Exhibit "Artists and Books" a fresh look at the power of old medium

Jody Feinberg

At the entrance to the exhibit “Artists and Books,” a white-throated sparrow and a cardinal fly, their open wings like the pages of a book.

Johanna Finnegan-Toplitzer, one of 27 artists in the four-month show at the Art Complex Museum in Duxbury, fashioned these birds from paper, leather, watercolor and collage and hung them mobile-like from the high ceiling. The birds seem to represent how imagination can soar when inspired by books.

“Each of the artists did something different, so that nothing in the show looks like anything else,” said exhibit curator Craig Bloodgood.

The idea for the exhibit came from a class last year at the museum on altered books, where artists change a book to express new ideas and images. From there, it was a short step to wondering about artists who make books to use in their art or who create art inspired by books.

“We decided to explore the whole idea of books and not put any perimeters around it,” Bloodgood said. “I found there was so much material, I could have put together a second exhibit of this size.”

Like books, each of the 35 works of art has a story, explained by the wall text. The works explore spirituality, identity and cultural and political conflict, and are loving tributes and whimsical spoofs.

“You get a narrative, without opening a book and reading it,” Bloodgood said.

You can see this in Marshfield artist Mary Taylor’s five tapestry-like pieces, which evoke book covers or pages. To create them, Taylor painted washes of color on canvas; she then printed the canvas with a collage she made from photographs she took of the Sacred Valley in Peru and drawings from a journal by a 16th century chronicler depicting Inca customs clashing with Spanish culture.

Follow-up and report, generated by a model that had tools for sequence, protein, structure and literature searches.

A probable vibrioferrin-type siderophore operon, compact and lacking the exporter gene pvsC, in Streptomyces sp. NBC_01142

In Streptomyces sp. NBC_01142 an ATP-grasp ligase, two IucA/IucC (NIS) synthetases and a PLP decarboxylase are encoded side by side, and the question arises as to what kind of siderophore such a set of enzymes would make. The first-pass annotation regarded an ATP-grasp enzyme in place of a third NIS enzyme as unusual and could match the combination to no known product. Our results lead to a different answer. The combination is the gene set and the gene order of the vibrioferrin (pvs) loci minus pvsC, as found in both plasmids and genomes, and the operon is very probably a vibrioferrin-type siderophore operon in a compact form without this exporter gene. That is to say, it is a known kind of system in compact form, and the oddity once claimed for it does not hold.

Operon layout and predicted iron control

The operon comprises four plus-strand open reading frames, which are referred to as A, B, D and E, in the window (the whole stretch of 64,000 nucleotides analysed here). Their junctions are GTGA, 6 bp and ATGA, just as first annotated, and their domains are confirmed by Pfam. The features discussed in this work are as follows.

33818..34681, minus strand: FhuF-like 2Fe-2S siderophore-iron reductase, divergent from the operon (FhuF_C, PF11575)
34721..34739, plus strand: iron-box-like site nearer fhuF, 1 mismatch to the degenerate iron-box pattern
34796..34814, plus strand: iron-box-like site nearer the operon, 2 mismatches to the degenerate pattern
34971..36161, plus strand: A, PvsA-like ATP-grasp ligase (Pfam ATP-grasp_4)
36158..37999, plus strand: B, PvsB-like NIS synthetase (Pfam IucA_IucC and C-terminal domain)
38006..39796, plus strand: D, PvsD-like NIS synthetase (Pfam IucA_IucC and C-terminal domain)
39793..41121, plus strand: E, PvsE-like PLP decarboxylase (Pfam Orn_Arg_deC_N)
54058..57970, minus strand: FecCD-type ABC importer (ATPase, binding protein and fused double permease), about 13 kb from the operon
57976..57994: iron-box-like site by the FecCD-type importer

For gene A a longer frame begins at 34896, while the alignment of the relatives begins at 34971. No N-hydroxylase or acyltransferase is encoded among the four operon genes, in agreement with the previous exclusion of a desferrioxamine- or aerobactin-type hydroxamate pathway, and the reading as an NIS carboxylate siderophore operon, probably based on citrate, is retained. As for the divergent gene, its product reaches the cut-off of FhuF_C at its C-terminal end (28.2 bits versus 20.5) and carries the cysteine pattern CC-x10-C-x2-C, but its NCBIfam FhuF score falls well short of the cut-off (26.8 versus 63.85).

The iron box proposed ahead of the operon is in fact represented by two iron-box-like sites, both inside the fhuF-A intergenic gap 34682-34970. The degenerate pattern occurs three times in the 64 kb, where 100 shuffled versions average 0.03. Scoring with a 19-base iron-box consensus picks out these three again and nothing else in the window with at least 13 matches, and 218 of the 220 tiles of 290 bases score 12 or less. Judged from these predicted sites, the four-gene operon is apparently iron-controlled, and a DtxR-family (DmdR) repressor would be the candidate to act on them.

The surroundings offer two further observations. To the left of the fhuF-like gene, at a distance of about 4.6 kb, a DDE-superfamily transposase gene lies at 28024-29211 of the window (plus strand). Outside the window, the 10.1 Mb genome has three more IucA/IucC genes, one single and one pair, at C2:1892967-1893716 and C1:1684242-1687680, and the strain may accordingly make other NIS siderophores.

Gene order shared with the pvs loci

“His journal inspired me to consider passageways/doorways as entrances ... much like covers to a book that take one into a new place,” Taylor wrote.

As sculptors, painters, photographers and printers, the artists use a variety of materials and techniques. With spent fireworks casings, Marshfield artist Dorothy Simpson Krause created the sculpture “Incendiary Devices,” which explores the power of discriminatory and hostile words to incite and damage.

As a memorial to her book-loving mother, Linda Hoffman created “Filling the Vessel,” three-dimensional wall pieces on wood, with books, rusted equipment and other found objects.

“Books raise the questions of story, history and memory,” wrote Hoffman, who lives in Harvard.

Hoffman conveys the intimacy people have with books in three sculptures; small bronze figures are absorbed in a book, as they recline inside or on a tree stump.

“How sweet to sit together and read from the same book, even while sitting on the edge of a black hole,” she wrote.

Author Virginia Woolf inspired Joyce McDaniels of South Boston, who made books with pages of old clothing patterns. In the sculpture “To the Lighthouse,” the title of one of Woolf’s books, the pages are weighed down by stones. The sculpture reflects Woolf’s suicide when she walked into the sea with stones in her pocket, as well as the weight and burden of the conflicts Woolf experienced.

“Stones bear poetic weight in the pattern of women’s lives,” McDaniels wrote.

Almost reverentially, Susan Kapuscinski Gaylord of Newburyport nestles homemade books in cradles of twigs, seed pods and grape vines, in the series “Spirit Books.”

And in her colorful pop-up books about Mr. and Mrs. Scaredy Pants, Carolyn Shattuck of Vermont spoofs the ways people try to control their lives and miss out on the vitality of life.

If you go...

WHAT: “Artists and Books”

WHEN: Through Jan. 25; Hours are 1-4 p.m. Wednesday through Sunday

WHERE: Art Complex Museum, 189 Alden St., Duxbury.


MORE INFO: Call 781-934-6634 or go to

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